In the Millennium Cities Initiative’s MDG-related research, we are finding out just how painful the donors’ financing delays can be. While the rich world asks the poor to be patient until it can afford to help, mothers across the continent continue to die needlessly in childbirth as they wait, hemorrhaging, for the lone operating room at the tertiary care facility, because there is neither an ob-gyn, skilled birth attendant or safe blood supply available that would have made possible a cesarean delivery at the frontline facility in their own communities. Girls still drop out before and during junior high school simply for the lack of access to private latrines and feminine pads, thereby losing out on future educational, skill-building and earning opportunities, and all but ensuring an earlier marriage and higher fertility. And with the poor physical infrastructure, crippling traffic, unreliable energy and Internet access, even the best-intentioned foreign investors are hesitating – limiting job creation, transformational income generation and hope. The young men and women in the Millennium Cities, their own aspirations buoyed countless times by too many unmet promises, now seem increasingly demoralized by the dearth of opportunities awaiting them. Their frustration goads them increasingly into Africa’s even more severely challenged mega-cities, where their continued failure to thrive can understandably result in bitterness or despair.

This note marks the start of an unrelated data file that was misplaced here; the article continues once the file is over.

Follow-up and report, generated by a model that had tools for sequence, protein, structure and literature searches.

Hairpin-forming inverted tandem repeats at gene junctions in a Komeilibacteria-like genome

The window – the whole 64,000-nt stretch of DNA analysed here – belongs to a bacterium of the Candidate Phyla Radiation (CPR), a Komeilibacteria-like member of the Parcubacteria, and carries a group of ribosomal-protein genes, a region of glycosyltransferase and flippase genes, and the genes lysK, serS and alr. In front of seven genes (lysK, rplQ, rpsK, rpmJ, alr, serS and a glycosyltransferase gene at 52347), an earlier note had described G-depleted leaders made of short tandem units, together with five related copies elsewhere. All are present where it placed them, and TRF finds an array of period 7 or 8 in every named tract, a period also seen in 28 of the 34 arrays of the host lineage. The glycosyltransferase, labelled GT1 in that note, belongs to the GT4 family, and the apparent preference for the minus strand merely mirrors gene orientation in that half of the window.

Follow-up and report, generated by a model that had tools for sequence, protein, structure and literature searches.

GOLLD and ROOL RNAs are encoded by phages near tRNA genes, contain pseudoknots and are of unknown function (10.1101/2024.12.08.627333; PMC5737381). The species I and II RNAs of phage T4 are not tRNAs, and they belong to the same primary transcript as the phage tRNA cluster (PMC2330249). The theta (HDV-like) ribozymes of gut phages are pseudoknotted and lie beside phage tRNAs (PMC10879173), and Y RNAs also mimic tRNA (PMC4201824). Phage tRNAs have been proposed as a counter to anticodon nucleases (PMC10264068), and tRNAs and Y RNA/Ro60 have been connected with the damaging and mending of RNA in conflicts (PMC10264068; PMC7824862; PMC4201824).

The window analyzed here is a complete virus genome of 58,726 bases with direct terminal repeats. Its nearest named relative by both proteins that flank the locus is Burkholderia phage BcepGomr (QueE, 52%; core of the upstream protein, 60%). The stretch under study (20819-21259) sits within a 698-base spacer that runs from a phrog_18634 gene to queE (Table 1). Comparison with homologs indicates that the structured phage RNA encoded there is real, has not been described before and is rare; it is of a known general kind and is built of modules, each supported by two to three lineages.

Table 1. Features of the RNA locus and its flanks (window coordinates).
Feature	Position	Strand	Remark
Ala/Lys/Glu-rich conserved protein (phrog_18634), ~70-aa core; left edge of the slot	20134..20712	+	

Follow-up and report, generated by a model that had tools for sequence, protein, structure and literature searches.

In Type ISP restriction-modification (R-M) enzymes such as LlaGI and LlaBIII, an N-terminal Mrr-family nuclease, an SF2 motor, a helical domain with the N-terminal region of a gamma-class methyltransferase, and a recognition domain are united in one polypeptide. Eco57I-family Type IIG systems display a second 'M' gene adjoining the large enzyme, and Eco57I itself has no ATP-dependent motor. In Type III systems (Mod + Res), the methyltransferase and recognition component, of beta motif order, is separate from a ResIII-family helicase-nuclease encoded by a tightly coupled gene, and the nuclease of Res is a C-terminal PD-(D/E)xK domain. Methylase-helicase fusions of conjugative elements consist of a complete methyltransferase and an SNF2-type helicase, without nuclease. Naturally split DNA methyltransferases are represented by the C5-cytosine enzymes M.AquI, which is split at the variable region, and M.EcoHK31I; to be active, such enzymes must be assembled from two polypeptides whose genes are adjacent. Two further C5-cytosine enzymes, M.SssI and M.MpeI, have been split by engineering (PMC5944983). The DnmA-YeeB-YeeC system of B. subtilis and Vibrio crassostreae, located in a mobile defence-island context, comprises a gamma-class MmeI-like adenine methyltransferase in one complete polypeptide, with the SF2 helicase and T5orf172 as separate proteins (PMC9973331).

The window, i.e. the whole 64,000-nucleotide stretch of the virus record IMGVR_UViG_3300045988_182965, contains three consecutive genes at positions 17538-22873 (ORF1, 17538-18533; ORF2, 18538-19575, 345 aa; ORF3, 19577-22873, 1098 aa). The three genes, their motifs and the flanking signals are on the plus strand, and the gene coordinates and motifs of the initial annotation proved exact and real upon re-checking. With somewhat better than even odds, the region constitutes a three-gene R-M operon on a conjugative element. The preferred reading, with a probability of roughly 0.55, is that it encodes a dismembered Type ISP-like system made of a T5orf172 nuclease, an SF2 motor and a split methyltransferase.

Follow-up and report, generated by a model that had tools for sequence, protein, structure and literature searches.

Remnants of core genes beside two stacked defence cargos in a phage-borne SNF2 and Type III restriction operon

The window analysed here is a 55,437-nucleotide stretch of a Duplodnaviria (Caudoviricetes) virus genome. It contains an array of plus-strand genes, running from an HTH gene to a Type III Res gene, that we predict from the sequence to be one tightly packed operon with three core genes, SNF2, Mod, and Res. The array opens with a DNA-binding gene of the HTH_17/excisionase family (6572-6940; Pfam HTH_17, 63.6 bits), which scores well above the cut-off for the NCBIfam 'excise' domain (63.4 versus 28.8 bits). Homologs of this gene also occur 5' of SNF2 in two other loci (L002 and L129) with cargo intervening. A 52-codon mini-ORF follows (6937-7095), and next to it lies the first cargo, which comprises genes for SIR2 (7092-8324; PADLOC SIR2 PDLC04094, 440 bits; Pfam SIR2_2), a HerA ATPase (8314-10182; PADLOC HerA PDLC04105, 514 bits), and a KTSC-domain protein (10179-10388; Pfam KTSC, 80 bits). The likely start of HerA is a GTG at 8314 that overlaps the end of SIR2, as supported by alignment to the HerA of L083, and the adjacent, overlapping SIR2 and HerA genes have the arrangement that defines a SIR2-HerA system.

Many development organizations will zero in on a single sector, where they might enjoy some tangible “quick-wins.” Although targeted single-sector work is crucial, we’ve learned in the course of MCI’s first five years that the aim of our collective efforts must be to pursue comprehensive, fully integrated development that can build upon the synergistic relationships among the MDGs. A non-profit or bilateral agency might focus on education, for instance, by training teachers, or furnishing texts, classrooms, computers and safe latrines; but if the city’s informal settlements suffer from open sewage and poor drainage, leading to rainy season flooding and the outbreak of cholera or other waterborne diseases, then too many children will be too sick to get to school, and these well-intended investments will not reap their desired results. Although no one group can be expected to cover all areas in which sub-Saharan cities have significant deficits, the essential complementarity of MDG-related programs needs to be fully exploited, to ensure their broadest possible impact.